The Bolognese is closely related to the Bichon Frise and originates from the Italian City of Bologna. . Having been bred in the Mediterranean by crossing large water dogs with small white dogs, the Barbichon (later called Bichons) type of breed was created and the Bolognese is one of these. They were bred as lap dogs for wealthy ladies and were generally given as gifts by the rich. After World War II the breed was falling in popularity but a number of breeders continued to work on the breed and today they are back to healthy numbers.
The Bolognese is a loving, affectionate dog that loves to sit on, and be cuddled by, people. They are very patient and rarely snappy as can be the case with small dogs. They adore children and are playful and active with them, but not overly so. They tend to latch on to one family member more than others, but relish attention from any one who is prepared to give it. They will bark at the door and can sometimes be reserved with strangers at time. Bolognese usually get along very well with cats and other dogs, if introduced from an early age. They like nothing better than curling up on your lap and sleeping. They are renowned for picking the softest place to sleep.
Like many small dogs, they can suffer small dog syndrome where they think they are the leader of the pack. They need fair, consistent training and are quick to learn new tricks. They will try and twist you around their paw, but you need to be consistent to prevent problems further down the line. Many owners spoil their Bolognese, by hand feeding and treating them like small children; this is asking for trouble and often results in a snappy dog! They do like praise and are a willing to please kind of dog, so that makes training easier.
They don't have high energy needs, but need regular walks to keep them physically stimulation and prevent obesity which can be common in the breed. A couple of shorts walks a day, plus vigorous play session in the house is usually enough to wear them out and keep them fit. Recall is not usually a problem as they rarely stray too far and like the company and play of other dogs when out walking. They can be a bit 'rough and tumble' when out play, the complete opposite to the chilled out dog on you lap when at home!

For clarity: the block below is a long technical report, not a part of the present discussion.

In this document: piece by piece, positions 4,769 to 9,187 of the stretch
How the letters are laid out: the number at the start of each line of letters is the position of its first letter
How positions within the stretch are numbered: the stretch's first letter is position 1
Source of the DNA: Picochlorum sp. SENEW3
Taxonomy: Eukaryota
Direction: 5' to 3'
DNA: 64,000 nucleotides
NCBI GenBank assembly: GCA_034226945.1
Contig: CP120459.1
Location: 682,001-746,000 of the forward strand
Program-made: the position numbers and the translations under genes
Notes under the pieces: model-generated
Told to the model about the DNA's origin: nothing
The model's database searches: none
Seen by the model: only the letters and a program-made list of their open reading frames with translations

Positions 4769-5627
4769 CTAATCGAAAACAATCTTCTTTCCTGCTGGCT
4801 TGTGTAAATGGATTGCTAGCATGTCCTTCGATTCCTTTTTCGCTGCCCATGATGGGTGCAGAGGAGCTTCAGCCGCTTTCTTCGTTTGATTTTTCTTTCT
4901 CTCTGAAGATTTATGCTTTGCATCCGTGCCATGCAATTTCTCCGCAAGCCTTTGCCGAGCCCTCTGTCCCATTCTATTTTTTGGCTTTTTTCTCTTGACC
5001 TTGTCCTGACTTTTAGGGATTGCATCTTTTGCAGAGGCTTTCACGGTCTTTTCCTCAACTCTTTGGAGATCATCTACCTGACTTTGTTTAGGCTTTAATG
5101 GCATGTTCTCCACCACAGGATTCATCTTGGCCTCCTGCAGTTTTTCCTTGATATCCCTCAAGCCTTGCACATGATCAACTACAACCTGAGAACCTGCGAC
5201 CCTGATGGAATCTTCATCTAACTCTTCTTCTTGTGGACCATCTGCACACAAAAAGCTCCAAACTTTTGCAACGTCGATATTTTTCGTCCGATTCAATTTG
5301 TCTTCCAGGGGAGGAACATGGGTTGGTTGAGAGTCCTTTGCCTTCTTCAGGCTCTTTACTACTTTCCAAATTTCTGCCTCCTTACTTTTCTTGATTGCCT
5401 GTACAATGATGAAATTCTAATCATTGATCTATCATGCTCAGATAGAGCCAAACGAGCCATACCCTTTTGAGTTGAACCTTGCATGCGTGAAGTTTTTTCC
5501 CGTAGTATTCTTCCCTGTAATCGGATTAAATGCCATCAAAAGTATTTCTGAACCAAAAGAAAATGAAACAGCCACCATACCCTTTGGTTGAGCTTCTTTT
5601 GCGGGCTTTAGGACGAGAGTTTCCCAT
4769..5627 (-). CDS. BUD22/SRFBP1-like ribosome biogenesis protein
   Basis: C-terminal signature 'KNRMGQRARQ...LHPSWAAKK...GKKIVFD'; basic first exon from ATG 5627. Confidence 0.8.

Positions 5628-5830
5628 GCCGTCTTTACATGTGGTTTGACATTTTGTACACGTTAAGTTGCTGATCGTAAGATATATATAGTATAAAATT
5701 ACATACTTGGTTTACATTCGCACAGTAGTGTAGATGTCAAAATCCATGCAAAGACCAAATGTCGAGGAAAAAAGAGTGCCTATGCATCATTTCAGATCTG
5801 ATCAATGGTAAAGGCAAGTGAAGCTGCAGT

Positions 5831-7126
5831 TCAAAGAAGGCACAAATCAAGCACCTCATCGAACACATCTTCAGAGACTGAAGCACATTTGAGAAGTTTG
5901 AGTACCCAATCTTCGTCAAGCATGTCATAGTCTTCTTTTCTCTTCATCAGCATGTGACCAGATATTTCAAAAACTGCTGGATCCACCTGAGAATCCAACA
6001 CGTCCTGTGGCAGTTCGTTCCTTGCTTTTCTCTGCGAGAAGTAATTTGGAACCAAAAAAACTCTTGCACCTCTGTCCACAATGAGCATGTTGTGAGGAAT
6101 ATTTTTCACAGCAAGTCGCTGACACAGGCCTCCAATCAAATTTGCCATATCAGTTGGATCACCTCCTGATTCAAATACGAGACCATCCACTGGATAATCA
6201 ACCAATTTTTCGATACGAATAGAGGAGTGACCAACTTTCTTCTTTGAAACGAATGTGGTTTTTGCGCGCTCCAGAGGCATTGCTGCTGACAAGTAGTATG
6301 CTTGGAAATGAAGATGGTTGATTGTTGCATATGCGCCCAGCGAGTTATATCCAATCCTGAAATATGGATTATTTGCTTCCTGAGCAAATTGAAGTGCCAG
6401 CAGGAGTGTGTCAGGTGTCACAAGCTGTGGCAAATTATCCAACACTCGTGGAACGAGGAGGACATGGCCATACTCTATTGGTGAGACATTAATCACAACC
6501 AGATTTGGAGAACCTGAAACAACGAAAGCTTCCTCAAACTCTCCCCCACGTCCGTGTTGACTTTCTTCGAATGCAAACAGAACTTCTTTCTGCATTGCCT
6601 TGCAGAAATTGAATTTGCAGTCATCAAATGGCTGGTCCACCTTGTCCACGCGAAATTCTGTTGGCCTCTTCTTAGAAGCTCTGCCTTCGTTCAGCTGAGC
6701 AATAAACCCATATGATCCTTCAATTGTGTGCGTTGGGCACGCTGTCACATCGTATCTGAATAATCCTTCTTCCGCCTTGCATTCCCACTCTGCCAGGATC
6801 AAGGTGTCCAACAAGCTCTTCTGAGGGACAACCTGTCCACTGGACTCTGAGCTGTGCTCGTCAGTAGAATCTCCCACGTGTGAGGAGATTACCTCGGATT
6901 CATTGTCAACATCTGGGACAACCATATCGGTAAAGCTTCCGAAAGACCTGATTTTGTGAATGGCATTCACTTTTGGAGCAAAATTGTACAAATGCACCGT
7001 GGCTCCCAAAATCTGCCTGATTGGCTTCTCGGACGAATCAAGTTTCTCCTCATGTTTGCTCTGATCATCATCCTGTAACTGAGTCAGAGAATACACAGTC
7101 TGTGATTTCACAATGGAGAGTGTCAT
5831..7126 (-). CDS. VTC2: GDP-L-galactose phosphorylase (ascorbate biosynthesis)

Their coat needs regular brushing to keep it white, but they don't shed much fur. They are quite a clean dog and well suited to allergy sufferers.
They are a very healthy breed with a long life, but can suffer Patellar Luxation and are prone to tooth related problems, like many small breeds. This is mainly due to over crowding of the small mouth, so it is wise to get your dog used to having it's teeth cleaned often.
Bolognese have a companionable and attentive temperament. They absolutely have to be with you and hate to be left alone. So much so that they are likely to be possessive and incredibly unhappy if left alone. This aside they are easygoing house companions who are intelligent enough to excel in training and surprsingly agile. A moderate daily walk is sufficient for these sweet natured dogs.
Health problems that may affect the Bolognese include allergies, ear infections, progressive retinal atrophy (PRA: degeneration of the retina which can lead to blindness), Legg Calvé Perthes disease (degeneration of the femoral head which can cause lameness and joint swelling) and urinary stones.
- Status: Endangered
- Life Expectancy: 10 - 14 years
- Weight: 2.7 - 6.4 kg
- Height: 10 - 12"
- Rare: Yes
- Coat: Long
- Grooming Requirements: Everyday
- Town or Country: Country
- Minimum Home Size: Flat
- Minimum Garden Size: No Garden
- Breed Type: Toy Dog
- Size: Small
- Energy Level: Medium
Latest Reviews For Bolognese
There are not yet any reviews for this breed. Click here to write one.